So far, Paramount's The Lovely Bones hasn't quite gotten the critical response expected from a film directed and written by a team of Oscar winners. Alice Sebold's dramatic novel about a raped and murdered teen watching from a sort of limbo as her family and friends wrestle with the unsolved crime while the culprit roams free was itself in limbo for several years. But despite the tumult, it seemed that Bones could still make the Oscar race, especially with Peter Jackson and his frequent collaborators Philippa Boyens and Fran Walsh behind the screenplay, and a star-studded cast that includes Oscar nominee Saoirse Ronan as the narrator, Susie Salmon.

However, Bones didn't quite satisfy critics; it's at 38% over at Rotten Tomatoes, and Cinematical's own Elisabeth Rappe wrote in her review, "It's neither a faithful adaptation nor a daring reinvention of the material, and it's truly baffling why Jackson wanted to adapt it at all." The adults aren't buying it, but, much to Paramount's surprise, it looks like the movie's real audience could be young women.

The LA Times reports that "after test research on the movie, Paramount found there was a potentially hidden audience of females between 13 and 25." As someone who read and adored the book and was disappointed by the movie, this first struck me as somewhat puzzling, but the more I chewed on it, the more it makes sense. While some adults found that Jackson's CGI wonderland overshadowed the emotional complexities of the book, including its forthright treatment of Susie's budding desire, the conflict between justice and revenge, and the horror of her murder and rape, the movie was written by Jackson and Walsh "so that it would be watchable by their 13-year-old daughter." It's only logical, then, that that's the audience who would enjoy it most.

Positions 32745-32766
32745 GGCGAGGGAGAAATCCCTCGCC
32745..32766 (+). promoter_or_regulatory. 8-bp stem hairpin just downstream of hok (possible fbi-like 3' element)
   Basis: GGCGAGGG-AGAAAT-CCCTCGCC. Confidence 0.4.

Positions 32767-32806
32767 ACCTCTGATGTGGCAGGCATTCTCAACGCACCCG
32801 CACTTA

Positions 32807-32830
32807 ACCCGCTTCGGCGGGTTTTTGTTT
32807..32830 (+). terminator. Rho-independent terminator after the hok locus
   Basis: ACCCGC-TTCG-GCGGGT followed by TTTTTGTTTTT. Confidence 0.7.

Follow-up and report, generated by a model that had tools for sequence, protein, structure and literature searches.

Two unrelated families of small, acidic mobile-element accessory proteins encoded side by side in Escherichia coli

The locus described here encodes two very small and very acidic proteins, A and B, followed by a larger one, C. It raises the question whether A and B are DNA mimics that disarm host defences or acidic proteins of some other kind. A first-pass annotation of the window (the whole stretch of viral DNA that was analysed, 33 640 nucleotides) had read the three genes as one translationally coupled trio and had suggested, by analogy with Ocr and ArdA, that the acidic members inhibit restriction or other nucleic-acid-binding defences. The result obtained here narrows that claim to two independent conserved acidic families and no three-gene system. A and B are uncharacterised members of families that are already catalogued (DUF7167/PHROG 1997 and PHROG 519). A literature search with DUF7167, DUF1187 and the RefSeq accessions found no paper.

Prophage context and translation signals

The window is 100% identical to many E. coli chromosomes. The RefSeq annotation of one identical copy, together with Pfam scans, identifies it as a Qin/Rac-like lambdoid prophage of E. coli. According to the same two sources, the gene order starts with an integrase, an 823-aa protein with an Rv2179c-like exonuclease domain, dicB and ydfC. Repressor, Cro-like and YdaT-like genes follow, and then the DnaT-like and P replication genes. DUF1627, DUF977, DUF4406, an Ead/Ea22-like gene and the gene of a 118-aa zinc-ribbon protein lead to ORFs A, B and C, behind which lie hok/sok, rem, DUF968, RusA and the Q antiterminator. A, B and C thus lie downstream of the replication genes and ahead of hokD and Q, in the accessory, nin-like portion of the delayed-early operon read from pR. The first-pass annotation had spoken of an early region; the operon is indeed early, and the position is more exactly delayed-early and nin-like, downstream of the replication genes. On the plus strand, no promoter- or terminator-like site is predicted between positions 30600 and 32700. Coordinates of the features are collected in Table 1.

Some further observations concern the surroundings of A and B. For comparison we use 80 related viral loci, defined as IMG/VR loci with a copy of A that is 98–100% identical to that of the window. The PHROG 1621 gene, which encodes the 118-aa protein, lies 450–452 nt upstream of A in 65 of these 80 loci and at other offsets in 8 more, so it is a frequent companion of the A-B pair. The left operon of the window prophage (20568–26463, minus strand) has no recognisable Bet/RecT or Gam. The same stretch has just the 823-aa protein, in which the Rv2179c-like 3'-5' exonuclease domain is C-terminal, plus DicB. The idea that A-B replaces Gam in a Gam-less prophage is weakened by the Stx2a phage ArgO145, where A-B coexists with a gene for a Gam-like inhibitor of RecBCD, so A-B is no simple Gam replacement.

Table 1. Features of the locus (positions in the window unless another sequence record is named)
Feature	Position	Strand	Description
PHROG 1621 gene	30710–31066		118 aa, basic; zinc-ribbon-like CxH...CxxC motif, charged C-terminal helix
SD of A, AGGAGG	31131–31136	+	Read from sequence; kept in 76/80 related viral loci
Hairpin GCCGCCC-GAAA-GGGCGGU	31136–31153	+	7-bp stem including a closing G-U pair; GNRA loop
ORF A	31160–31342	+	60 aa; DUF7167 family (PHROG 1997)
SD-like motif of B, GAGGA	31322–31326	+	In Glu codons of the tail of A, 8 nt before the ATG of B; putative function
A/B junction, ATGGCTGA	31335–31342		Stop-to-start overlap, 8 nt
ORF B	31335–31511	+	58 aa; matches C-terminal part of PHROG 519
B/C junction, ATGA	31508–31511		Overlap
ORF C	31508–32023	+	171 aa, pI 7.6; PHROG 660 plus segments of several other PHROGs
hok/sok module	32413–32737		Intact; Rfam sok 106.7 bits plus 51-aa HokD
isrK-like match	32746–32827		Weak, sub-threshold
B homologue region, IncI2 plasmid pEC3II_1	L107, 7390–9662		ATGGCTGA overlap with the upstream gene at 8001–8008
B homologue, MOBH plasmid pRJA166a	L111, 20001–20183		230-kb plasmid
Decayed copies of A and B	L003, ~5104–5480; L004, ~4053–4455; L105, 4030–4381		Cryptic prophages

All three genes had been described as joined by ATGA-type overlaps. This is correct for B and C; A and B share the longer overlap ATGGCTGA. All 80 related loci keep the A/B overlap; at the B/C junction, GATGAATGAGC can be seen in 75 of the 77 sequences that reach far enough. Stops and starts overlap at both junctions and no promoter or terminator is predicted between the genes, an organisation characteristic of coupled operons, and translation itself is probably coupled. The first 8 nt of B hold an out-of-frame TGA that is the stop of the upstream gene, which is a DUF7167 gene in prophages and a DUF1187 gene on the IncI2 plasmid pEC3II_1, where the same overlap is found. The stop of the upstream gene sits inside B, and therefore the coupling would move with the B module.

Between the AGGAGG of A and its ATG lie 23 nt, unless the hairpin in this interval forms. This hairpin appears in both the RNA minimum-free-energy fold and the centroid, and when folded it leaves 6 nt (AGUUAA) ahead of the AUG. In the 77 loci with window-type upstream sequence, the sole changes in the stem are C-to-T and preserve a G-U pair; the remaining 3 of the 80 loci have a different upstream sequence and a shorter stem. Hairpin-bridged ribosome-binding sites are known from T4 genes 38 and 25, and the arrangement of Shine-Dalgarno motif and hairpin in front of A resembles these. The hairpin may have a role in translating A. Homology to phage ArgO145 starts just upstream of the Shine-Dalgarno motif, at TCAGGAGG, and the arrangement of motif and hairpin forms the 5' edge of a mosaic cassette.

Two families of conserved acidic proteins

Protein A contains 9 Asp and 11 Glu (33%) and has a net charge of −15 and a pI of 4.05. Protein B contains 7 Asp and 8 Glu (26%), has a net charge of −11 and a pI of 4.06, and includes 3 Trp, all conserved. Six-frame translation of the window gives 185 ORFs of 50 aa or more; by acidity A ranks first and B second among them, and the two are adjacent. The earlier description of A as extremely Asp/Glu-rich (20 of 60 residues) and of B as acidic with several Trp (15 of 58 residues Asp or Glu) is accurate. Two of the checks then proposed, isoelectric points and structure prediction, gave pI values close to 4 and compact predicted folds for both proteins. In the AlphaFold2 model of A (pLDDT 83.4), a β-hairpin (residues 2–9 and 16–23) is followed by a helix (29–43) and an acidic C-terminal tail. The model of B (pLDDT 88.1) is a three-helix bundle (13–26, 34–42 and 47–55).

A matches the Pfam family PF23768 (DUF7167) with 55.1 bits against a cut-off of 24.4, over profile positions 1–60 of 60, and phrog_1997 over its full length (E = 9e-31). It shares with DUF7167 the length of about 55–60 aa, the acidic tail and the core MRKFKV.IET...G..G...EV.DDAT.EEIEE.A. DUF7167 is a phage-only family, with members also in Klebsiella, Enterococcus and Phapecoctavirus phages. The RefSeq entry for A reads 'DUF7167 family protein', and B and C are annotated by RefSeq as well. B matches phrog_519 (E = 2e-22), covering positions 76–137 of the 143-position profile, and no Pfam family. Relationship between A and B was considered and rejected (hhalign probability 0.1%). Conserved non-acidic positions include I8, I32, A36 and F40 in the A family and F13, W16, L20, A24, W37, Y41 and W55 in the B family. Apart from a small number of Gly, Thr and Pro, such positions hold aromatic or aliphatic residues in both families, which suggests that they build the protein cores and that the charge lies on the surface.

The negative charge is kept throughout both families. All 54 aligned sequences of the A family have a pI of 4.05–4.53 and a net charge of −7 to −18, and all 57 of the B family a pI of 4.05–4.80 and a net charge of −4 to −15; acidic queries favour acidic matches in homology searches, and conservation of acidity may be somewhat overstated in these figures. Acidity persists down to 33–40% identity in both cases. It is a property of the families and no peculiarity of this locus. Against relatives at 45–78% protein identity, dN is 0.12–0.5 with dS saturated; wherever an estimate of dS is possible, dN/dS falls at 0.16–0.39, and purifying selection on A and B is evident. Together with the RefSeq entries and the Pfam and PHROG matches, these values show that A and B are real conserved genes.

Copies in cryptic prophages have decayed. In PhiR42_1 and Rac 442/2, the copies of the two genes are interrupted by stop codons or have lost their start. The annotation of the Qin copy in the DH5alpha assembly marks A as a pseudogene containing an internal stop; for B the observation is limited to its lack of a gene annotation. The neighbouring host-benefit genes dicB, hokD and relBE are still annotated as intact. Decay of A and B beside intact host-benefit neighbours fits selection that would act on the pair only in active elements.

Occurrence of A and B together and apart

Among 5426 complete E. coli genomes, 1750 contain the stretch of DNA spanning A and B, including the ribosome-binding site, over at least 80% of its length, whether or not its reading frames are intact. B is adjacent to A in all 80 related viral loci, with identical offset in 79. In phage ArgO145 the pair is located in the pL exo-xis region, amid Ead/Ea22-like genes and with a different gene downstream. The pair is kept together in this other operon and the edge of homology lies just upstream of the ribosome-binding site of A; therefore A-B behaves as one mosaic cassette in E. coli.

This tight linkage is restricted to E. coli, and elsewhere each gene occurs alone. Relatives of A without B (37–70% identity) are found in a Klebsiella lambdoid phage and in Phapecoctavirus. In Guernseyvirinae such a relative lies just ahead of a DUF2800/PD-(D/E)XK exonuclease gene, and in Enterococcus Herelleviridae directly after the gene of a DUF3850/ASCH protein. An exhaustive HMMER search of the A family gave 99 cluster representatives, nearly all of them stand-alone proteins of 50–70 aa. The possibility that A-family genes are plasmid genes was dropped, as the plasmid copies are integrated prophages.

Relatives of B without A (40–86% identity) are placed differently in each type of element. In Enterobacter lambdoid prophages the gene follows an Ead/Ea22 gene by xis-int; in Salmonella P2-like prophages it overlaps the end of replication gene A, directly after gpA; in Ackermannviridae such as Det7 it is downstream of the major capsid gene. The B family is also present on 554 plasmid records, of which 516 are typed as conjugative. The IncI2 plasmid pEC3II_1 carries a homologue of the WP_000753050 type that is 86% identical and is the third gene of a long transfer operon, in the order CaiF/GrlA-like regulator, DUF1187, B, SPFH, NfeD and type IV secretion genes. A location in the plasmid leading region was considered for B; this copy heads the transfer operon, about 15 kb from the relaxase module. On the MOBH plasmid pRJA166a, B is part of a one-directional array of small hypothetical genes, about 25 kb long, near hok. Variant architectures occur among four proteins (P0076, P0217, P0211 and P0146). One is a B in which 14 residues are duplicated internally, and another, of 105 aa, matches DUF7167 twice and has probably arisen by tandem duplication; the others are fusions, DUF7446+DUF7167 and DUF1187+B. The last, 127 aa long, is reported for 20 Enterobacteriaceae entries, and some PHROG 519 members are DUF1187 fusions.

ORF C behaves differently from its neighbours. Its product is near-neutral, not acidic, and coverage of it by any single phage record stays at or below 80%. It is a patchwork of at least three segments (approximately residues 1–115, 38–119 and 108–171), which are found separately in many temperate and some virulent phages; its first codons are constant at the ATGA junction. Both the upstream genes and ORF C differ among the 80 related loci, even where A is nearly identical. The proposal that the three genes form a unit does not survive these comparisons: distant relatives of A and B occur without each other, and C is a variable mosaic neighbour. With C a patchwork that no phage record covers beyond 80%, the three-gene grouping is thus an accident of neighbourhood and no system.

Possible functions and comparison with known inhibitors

Bones, in its own way, offers the younger viewer a slightly kinder, gentler thriller that skips over the gruesome parts and offers a villain that's a caricature, the protective daddy who wants nothing more than to save and protect you, and, in the end, the vicarious and morbid thrill of watching what happens in the world after you die. It offers a handsome crush and an In-Between filled with things that younger women might like -- one scene, as many reviewers have pointed out, is a glamorous magazine photo shoot reminiscent of that in Precious.

Ronan herself has said in interviews that she didn't read the book before she made the movie because, "Well, I was just a bit too young to read it. I heard it was a tough read, especially the first chapter, and after reading it now I realize that it is quite tough. But I eventually did read it and it was beautiful and I thought that Pete and Fran [Walsh] and Philippa [Boyens] did a great job adapting it." (It's definitely a tough read, and not a book I'd recommend to younger readers.)

The Lovely Bones opens nationwide on January 15th, 2010. Do you think the crowd flocking to see it will be comprised of this new target audience?